The Acting Secretary of State to the Japanese Minister.
Washington, March 28, 1905.
Sir: I have the honor to acknowledge receipt of your note of yesterday, in relation to Nicolas Starikoff, a seaman on the dismantled Russian ship Lena, who was found to have been unlawfully conscripted into the naval service of Russia and whose release is requested by the captain of the Lena, the matter having been brought to my attention by the Secretary of the Navy. I have given due attention to your statement that the Japanese Government has no objection to permitting Starikoff to return to Russia, provided either that he be paroled before’ the United States authorities or, in case this can not be done, that he be made to give parole before the Japanese consul at San Francisco.
Inasmuch as the parole given by the officers and crew of the Lena is a domestic requirement prescribed by this government in execution of its function of preserving neutrality within its own jurisdiction, it would not be practicable for the United States to exact a valid parole from Starikoff, effective as between the belligerents.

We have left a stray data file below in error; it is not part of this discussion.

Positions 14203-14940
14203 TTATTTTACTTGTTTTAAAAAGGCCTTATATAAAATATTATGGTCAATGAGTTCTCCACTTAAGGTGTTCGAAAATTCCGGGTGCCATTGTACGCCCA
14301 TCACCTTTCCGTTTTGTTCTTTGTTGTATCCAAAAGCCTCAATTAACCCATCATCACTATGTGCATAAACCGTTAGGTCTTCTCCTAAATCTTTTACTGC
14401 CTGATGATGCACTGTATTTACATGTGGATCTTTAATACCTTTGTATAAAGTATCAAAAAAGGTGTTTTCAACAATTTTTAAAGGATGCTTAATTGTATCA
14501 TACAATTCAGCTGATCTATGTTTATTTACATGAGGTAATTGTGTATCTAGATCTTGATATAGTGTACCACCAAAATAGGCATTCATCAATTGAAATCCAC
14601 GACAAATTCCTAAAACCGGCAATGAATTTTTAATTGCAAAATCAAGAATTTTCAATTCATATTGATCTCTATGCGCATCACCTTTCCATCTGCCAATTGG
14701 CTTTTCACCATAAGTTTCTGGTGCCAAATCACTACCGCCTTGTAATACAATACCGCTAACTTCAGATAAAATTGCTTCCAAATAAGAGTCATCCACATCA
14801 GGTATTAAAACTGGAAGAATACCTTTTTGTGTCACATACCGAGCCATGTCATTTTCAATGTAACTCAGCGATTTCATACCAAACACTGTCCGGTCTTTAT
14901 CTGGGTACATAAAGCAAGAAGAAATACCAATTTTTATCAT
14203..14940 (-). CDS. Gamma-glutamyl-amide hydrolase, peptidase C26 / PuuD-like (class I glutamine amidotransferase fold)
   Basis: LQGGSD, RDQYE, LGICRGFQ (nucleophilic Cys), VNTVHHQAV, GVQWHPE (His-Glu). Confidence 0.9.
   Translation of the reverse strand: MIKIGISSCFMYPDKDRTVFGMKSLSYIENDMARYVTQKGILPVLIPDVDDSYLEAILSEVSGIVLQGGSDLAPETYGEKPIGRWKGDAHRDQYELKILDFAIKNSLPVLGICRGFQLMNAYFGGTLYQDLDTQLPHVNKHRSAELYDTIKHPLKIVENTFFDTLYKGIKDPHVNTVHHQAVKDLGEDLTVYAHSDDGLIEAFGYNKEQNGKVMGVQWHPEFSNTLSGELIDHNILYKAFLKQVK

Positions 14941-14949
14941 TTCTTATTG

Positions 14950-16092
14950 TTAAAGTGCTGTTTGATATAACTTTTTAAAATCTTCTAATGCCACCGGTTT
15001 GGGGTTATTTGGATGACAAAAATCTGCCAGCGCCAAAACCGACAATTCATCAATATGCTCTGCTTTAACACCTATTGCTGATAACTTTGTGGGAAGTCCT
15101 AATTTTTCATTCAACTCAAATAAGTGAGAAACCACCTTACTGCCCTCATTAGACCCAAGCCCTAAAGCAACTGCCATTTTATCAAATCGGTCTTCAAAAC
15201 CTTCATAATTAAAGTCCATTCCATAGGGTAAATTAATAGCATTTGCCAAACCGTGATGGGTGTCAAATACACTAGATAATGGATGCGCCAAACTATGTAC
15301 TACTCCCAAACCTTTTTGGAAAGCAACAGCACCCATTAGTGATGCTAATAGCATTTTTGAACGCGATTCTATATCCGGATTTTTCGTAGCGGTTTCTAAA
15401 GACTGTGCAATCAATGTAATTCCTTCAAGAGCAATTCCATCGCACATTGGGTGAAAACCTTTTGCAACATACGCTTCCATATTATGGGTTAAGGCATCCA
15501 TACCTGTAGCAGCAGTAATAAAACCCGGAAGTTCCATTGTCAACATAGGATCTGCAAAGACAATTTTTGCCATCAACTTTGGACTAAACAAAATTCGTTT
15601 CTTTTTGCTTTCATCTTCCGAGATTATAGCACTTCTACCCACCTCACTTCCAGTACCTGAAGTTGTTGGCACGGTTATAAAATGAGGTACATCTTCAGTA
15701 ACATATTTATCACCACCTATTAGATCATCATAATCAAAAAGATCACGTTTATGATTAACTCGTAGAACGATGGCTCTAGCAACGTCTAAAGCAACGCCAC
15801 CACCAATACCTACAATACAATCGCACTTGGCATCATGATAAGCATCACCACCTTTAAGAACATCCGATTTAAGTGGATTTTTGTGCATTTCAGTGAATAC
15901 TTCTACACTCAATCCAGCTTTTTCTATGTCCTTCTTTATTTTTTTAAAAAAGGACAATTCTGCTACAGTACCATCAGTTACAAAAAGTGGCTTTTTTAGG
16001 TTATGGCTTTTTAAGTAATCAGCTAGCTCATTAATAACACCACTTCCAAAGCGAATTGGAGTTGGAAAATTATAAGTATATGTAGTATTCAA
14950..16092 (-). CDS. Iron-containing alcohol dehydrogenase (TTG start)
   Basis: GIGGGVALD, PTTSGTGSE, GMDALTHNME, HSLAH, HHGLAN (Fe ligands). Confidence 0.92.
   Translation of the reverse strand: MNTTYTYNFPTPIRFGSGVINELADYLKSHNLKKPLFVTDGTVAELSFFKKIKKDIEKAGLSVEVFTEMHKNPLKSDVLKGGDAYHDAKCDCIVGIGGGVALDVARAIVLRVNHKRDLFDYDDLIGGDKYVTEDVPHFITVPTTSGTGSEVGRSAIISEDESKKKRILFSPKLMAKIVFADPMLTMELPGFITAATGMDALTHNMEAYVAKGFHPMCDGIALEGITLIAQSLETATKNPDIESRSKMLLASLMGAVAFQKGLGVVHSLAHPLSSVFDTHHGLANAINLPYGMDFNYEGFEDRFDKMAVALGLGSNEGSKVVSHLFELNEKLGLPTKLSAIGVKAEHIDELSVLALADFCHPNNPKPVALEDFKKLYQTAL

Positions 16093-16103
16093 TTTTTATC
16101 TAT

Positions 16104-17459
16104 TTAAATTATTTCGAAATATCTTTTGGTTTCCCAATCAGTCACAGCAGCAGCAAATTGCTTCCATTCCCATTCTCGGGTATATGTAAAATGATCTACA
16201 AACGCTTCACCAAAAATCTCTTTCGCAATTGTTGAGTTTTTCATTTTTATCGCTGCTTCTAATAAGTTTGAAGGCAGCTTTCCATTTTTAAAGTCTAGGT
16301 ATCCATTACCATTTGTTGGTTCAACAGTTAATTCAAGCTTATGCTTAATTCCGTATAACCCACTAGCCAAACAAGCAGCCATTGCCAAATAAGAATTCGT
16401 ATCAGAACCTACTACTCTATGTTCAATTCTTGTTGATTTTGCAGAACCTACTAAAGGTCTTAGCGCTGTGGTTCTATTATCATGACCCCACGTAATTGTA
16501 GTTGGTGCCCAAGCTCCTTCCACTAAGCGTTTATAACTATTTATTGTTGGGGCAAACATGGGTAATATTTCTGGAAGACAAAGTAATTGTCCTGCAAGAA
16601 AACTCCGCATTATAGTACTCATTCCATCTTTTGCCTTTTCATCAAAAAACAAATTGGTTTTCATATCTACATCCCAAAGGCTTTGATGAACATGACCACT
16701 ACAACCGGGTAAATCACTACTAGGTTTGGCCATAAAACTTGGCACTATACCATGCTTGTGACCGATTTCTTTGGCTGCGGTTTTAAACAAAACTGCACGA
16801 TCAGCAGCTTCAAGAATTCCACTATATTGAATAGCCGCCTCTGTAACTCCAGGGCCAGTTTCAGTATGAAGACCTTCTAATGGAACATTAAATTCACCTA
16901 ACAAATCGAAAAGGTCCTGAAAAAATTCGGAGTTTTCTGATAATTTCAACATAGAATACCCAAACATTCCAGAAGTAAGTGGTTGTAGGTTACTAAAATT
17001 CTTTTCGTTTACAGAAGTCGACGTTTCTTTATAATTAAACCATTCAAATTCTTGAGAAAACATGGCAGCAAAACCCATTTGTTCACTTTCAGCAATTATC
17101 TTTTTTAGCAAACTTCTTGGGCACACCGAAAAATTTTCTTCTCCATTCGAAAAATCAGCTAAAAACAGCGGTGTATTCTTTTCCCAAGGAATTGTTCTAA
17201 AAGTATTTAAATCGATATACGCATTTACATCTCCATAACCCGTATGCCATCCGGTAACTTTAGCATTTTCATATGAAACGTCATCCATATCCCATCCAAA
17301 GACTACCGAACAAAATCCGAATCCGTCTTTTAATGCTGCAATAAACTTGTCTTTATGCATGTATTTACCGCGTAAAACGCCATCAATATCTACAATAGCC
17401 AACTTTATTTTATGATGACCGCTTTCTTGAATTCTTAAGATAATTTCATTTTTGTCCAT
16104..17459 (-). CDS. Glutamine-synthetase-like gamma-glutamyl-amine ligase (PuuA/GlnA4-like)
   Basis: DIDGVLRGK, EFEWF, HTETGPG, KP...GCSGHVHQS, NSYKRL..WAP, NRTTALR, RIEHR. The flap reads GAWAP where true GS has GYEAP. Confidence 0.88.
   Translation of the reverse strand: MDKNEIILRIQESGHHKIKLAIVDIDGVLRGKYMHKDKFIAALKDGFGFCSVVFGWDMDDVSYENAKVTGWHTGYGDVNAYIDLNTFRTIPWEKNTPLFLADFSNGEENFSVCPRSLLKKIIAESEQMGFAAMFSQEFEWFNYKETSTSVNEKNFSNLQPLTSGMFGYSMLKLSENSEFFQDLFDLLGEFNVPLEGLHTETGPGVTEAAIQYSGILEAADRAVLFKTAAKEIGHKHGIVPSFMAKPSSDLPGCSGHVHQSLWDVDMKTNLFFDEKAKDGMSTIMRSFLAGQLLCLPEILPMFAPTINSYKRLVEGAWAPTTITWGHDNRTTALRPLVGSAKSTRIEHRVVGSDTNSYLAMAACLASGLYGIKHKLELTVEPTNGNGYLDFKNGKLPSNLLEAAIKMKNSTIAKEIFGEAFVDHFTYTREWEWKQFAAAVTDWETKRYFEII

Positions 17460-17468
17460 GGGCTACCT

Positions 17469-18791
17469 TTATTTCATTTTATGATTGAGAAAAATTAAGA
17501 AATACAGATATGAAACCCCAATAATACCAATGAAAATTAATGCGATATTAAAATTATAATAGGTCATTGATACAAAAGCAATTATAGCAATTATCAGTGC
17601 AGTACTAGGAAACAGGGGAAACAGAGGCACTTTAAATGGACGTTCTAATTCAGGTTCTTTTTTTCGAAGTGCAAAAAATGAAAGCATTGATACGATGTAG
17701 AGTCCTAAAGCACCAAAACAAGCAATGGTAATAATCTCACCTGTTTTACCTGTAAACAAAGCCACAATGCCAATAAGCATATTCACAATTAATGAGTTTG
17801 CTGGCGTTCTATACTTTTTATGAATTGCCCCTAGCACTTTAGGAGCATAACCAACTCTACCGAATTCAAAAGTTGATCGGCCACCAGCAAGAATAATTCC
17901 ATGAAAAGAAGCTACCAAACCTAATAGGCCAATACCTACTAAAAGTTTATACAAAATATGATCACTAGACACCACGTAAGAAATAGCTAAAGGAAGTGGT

The alternative proposition, that Starikoff shall give parole before the Japanese consul, would appear to constitute a valid engagement between the belligerents, and I have suggested to the Secretary of the Navy that the commandant of the Mare Island Navy-Yard be advised that, with the acquiescence of the captain of the Lena, he is authorized to send Starikoff before the Japanese consul, under escort of an orderly.